Adherence to antiretroviral therapy is essential for maximising individual treatment outcomes and preventing the development of drug resistance. It is, however, frequently compromised due to predictable, but adverse, scenarios in the countries most severely affected by HIV/AIDS. This paper looks at lessons from three specific crises in southern Africa: the 2008 floods in Mozambique, the ongoing political and economic crisis in Zimbabwe, and the 2007 public sector strike in South Africa. It considers how these crises impacted on the delivery of antiretroviral therapy and looks at some of the strategies employed to mitigate any adverse effects. Based on this it makes recommendations for keeping patients on treatment and limiting the development of drug resistance where treatment interruptions are inevitable. [See also the report describing this research in more detail].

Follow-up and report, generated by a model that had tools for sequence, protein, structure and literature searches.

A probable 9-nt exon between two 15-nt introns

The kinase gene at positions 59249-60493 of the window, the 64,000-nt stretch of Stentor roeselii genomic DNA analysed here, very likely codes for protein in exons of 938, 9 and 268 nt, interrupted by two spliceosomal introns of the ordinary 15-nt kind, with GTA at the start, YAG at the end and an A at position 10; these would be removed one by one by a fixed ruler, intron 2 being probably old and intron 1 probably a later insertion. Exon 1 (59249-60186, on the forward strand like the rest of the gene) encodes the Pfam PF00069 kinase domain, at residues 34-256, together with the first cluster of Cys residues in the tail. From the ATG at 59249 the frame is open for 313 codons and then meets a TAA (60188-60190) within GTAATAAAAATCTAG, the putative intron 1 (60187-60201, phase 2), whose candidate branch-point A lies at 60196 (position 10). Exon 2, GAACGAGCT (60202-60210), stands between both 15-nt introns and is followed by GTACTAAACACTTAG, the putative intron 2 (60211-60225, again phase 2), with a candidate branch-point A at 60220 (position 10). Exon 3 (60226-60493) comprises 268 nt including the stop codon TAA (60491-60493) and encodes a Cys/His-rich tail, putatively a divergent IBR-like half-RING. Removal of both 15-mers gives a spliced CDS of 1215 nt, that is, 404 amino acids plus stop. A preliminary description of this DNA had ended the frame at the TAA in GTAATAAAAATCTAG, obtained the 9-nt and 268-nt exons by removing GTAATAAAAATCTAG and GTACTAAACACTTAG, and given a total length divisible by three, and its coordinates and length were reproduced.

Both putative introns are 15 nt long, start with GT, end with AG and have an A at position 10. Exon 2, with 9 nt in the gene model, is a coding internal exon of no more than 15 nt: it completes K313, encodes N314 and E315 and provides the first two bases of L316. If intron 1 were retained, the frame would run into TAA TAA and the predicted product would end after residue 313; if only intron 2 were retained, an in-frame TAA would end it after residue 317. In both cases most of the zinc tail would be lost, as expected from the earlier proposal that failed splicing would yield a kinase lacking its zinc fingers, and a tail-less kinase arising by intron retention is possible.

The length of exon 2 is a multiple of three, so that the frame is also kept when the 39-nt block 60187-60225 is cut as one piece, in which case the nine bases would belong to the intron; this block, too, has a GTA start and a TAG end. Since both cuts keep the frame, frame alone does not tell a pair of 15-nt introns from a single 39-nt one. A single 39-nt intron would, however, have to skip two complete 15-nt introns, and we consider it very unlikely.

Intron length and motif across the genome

Veenstra, N.; Whiteside, A.; Lalloo, D.; Gibbs, A. Unplanned antiretroviral treatment interruptions in southern Africa: how should we be managing these? Globalization and Health (2010) 6 (1) 4. [DOI: 10.1186/1744-8603-6-4]